Guatemala, Sept 14 – A series of powerful eruptions of Guatemala’s Volcano of Fire blanketed villages in dense clouds of ash, and prompted evacuation orders for over 33,000 people.
The massive columns of smoke from the volcano could be seen from the capital, some 75 kilometers (50 miles) away, and motorists said they saw a huge cloud of ash coming down slopes.
“This type of eruption is stronger than normal and hasn’t been seen in recent years. That’s why we have declared an orange alert” in the area around the volcano, in western Guatemala, Gustavo Chigna of the National Institute for Seismology, Volcanology, Meteorology and Hydrology told local media.
He said the eruption had buried several villages in ash near the 3,763-meter (12,345-foot) tall volcano. Rumbling could be heard for several kilometers around.
Javier Garcia from the village of El Porvenir told local radio that he had initially planned to stay put.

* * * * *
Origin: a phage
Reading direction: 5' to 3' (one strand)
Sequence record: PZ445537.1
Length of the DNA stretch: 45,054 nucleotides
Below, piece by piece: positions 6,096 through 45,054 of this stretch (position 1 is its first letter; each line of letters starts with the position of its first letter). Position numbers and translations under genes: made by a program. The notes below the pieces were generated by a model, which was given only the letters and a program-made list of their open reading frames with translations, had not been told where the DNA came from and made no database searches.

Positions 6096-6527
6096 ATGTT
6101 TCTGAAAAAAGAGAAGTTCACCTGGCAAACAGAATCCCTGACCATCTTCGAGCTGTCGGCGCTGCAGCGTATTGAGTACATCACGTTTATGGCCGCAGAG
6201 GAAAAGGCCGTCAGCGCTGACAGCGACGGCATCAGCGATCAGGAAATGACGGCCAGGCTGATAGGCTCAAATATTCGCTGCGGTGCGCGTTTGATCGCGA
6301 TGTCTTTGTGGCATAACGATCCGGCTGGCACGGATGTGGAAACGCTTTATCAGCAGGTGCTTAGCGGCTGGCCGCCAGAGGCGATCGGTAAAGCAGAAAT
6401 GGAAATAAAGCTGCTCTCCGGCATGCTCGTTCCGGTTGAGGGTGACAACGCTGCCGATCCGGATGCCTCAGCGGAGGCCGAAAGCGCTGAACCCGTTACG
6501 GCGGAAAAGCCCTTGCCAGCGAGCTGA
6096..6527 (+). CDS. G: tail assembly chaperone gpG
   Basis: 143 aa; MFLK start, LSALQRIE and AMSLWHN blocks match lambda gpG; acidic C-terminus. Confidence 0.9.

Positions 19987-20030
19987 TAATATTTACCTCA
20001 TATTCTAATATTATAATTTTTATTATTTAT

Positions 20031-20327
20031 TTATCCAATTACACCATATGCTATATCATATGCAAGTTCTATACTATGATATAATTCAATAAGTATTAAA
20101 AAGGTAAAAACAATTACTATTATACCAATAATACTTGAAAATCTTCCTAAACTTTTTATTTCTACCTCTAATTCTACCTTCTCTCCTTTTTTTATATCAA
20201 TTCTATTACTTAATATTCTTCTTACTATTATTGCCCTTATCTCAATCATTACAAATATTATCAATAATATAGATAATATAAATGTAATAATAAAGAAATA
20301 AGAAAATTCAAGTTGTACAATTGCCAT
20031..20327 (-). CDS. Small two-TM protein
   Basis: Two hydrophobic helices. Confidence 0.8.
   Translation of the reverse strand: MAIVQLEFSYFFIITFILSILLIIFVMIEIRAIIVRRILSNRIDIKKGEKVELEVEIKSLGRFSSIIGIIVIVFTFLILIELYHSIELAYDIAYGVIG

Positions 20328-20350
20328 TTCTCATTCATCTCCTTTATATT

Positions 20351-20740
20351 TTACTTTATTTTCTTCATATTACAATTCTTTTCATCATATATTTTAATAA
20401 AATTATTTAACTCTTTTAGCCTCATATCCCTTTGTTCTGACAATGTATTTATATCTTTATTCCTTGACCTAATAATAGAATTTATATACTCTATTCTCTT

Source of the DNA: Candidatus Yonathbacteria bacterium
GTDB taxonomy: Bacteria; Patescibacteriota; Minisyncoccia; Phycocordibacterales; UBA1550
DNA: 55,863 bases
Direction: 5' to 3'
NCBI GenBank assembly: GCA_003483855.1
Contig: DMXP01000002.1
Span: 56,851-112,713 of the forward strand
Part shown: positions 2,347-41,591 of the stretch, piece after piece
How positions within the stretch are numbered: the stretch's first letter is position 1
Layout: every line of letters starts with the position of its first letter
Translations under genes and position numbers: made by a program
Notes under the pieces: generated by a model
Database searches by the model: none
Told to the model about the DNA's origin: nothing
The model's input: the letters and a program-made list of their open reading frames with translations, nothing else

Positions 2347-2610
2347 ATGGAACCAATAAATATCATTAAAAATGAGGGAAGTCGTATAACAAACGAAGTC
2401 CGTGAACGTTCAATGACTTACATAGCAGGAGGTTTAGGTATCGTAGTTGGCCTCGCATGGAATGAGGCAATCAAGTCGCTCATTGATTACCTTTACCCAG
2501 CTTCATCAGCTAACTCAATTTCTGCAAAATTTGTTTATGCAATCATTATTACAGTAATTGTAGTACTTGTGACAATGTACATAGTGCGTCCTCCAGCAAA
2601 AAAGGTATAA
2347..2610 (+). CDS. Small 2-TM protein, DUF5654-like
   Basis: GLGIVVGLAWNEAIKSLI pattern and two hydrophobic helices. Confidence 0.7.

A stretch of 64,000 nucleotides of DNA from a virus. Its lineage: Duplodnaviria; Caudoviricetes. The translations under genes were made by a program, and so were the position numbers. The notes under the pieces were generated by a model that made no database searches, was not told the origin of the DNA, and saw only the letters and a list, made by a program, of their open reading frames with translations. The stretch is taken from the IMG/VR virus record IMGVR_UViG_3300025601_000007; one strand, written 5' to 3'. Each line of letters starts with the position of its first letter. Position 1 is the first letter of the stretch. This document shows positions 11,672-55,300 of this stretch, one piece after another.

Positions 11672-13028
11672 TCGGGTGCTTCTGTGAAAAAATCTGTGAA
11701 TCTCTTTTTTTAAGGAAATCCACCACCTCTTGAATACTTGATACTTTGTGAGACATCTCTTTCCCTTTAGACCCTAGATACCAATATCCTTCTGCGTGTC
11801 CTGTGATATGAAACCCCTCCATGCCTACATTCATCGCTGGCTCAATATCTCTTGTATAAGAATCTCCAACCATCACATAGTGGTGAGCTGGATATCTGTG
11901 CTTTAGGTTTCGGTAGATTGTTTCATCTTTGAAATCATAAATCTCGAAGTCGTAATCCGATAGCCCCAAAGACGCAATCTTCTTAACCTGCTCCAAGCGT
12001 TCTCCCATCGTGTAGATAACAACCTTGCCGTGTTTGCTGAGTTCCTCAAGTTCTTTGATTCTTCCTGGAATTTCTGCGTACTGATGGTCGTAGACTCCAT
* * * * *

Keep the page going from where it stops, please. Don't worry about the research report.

But after seeing “the great eruption and all the ash that was falling, we decided to seek refuge,” he said. “Everything went black and we could not breathe.”
Families were being evacuated in sugar mill buses and trucks normally used to transport goods and cattle, Mariano Lam, a spokesman for volunteer firefighters, told AFP.
But he complained that many people were reluctant to leave their homes and decided to “stay at their own risk.”
The national disaster reduction agency CONRED has set up a command post in the nearby municipality of San Juan Alotenango in Sacatepequez department, to coordinate care for the affected population.
Six communities in Yepocapa and another in San Juan Alotenango are the most affected, according to CONRED.
Moderate to strong explosions have been shaking the volcano, sending debris up to 3,000 meters above the crater and forming thick columns of ash spreading to the west and northwest, according to the volcanology institute.
Further complicating the picture, heavy rains were reported in areas near the volcano, prompting CONRED to take “preventive measures” on different roads and at riverbeds.